I. Here is Abram’s return out of Egypt, Gen. 13:1. He came himself and brought all his with him back again to Canaan. Note, Though there may be occasion to go sometimes into places of temptation, yet we must hasten out of them as soon as possible. See Ruth 1:6.
II. His wealth: He was very rich, Gen. 13:2. He was very heavy, so the Hebrew word signifies; for riches are a burden, and those that will be rich do but load themselves with thick clay, Hab. 2:6. There is a burden of care in getting them, fear in keeping them, temptation in using them, guilt in abusing them, sorrow in losing them, and a burden of account, at last, to be given up concerning them. Great possessions do but make men heavy and unwieldy. Abram was not only rich in faith and good works, and in the promises, but he was rich in cattle, and in silver and gold. Note, 1. God, in his providence, sometimes makes good men rich men, and teaches them how to abound, as well as how to suffer want. 2. The riches of good men are the fruits of God’s blessing. God has said to Abram, I will bless thee; and that blessing made him rich without sorrow, Prov. 10:22. 3. True piety will very well consist with great prosperity. Though it is hard for a rich man to get to heaven, yet it is not impossible, Mark 10:23, 24. Abram was very rich and yet very religious. Nay, as piety is a friend to outward prosperity (1 Tim. 4:8), so outward prosperity, if well-managed, is an ornament to piety, and furnishes an opportunity of doing so much the more good.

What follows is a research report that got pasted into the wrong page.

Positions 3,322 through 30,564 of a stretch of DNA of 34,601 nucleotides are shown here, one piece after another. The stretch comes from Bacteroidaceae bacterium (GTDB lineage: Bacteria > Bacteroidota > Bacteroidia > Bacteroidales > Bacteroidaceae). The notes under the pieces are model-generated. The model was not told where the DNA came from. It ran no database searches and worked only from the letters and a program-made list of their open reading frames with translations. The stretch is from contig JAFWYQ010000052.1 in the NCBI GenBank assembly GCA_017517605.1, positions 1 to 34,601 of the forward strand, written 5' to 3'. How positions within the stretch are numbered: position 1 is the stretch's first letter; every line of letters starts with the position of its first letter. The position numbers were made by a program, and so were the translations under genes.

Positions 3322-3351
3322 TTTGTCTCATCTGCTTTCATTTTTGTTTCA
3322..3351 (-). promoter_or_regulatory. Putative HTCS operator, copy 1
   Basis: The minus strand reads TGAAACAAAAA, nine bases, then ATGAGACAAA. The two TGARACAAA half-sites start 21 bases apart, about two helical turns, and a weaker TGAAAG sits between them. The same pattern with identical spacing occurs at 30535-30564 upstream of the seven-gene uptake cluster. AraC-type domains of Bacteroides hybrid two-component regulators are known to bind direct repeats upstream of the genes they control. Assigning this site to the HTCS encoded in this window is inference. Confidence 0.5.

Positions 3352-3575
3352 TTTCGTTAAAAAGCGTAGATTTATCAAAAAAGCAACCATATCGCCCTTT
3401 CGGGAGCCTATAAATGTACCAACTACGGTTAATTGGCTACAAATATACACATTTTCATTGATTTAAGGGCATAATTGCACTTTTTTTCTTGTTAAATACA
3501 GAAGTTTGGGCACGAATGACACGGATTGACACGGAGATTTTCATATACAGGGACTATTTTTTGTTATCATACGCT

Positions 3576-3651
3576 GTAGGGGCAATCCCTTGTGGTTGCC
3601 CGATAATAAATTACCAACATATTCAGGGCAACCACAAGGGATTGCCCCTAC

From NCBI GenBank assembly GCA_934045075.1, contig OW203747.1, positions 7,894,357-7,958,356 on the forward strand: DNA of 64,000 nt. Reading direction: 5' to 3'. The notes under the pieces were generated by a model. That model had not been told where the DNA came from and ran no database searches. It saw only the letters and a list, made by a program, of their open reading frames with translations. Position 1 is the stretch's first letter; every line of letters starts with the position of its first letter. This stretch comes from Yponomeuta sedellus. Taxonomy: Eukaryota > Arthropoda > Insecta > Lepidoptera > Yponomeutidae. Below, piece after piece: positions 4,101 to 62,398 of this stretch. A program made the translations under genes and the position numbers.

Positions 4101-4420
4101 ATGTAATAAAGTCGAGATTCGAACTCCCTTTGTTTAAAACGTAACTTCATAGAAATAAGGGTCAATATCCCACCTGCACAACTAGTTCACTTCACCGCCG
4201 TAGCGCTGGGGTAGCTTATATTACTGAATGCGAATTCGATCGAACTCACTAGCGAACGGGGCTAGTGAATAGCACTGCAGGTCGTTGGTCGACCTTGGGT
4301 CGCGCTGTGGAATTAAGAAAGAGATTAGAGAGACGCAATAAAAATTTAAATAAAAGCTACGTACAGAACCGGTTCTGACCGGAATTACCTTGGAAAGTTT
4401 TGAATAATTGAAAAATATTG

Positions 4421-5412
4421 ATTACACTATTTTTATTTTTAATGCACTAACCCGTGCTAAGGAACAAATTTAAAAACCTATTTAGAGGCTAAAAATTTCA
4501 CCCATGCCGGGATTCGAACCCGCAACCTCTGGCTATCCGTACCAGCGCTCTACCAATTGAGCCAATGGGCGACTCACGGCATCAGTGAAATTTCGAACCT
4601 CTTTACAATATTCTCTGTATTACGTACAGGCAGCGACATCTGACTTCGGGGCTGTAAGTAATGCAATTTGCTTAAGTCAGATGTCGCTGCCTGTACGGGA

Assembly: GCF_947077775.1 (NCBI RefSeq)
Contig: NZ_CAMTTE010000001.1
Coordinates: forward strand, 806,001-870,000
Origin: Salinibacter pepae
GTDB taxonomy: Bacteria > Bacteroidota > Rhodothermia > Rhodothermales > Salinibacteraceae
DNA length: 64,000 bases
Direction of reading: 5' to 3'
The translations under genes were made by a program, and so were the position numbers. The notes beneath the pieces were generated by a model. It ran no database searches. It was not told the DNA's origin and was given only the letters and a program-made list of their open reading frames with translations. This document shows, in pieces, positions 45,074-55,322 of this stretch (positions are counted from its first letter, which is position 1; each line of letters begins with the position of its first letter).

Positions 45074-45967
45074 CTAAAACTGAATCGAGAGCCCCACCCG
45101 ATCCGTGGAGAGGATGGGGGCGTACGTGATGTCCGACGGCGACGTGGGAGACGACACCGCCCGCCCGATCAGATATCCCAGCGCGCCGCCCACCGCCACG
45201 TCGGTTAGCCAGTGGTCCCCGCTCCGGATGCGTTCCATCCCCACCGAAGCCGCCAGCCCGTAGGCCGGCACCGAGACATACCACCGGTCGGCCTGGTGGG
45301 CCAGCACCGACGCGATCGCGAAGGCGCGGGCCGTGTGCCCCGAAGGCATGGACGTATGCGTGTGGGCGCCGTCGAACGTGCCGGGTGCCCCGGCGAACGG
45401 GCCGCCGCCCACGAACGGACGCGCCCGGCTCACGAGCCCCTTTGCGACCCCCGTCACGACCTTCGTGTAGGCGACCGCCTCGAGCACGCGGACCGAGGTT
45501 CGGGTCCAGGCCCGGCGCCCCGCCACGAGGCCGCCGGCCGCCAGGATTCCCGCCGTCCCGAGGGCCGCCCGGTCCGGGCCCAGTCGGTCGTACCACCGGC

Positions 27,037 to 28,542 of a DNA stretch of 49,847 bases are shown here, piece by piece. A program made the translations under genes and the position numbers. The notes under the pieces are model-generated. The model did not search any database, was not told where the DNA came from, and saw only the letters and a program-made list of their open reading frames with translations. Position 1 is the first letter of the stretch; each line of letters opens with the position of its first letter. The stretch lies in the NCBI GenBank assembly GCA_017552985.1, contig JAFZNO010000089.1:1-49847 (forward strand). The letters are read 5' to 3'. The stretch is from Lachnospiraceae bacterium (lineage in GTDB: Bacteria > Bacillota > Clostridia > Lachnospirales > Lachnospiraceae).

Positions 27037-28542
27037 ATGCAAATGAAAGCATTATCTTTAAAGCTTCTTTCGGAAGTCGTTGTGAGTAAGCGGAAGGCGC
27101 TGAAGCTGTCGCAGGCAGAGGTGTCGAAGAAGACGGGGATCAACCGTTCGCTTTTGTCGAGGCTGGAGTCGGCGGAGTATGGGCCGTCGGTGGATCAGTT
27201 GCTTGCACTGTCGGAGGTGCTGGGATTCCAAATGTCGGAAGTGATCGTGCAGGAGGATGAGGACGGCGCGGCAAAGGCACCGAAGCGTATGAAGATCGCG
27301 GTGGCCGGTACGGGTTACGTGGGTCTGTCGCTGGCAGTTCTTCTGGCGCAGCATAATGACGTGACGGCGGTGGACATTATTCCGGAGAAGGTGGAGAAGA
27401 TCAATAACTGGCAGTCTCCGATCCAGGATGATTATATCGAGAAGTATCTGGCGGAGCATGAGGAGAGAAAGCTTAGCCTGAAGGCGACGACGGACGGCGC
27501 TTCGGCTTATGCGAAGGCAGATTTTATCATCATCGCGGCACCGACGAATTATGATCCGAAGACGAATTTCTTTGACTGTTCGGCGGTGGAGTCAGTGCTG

III. His removal to Beth-el, Gen. 13:3, 4. Thither he went, not only because there he had formerly had his tent, and he was willing to go among his old acquaintance, but because there he had formerly had his altar: and, though the altar was gone (probably he himself having taken it down, when he left the place, lest it should be polluted by the idolatrous Canaanites), yet he came to the place of the altar, either to revive the remembrance of the sweet communion he had had with God in that place, or perhaps to pay the vows he had there made to God when he undertook his journey into Egypt. Long afterwards God sent Jacob to this same place on that errand (Gen. 35:1), Go up to Beth-el, where thou vowedst the vow. We have need to be reminded, and should take all occasions to remind ourselves, of our solemn vows; and perhaps the place where they were made may help to bring them afresh to mind, and it may therefore do us good to visit it.
IV. His devotion there. His altar was gone, so that he could not offer sacrifice; but he called on the name of the Lord, as he had done, Gen. 12:8. Note, 1. All God’s people are praying people. You may as soon find a living man without breath as a living Christian without prayer. 2. Those that would approve themselves upright with their God must be constant and persevering in the services of religion. Abram did not leave his religion behind him in Egypt, as many do in their travels. 3. When we cannot do what we would we must make conscience of doing what we can in the acts of devotion. When we want an altar, let us not be wanting in prayer, but, wherever we are, call on the name of the Lord.
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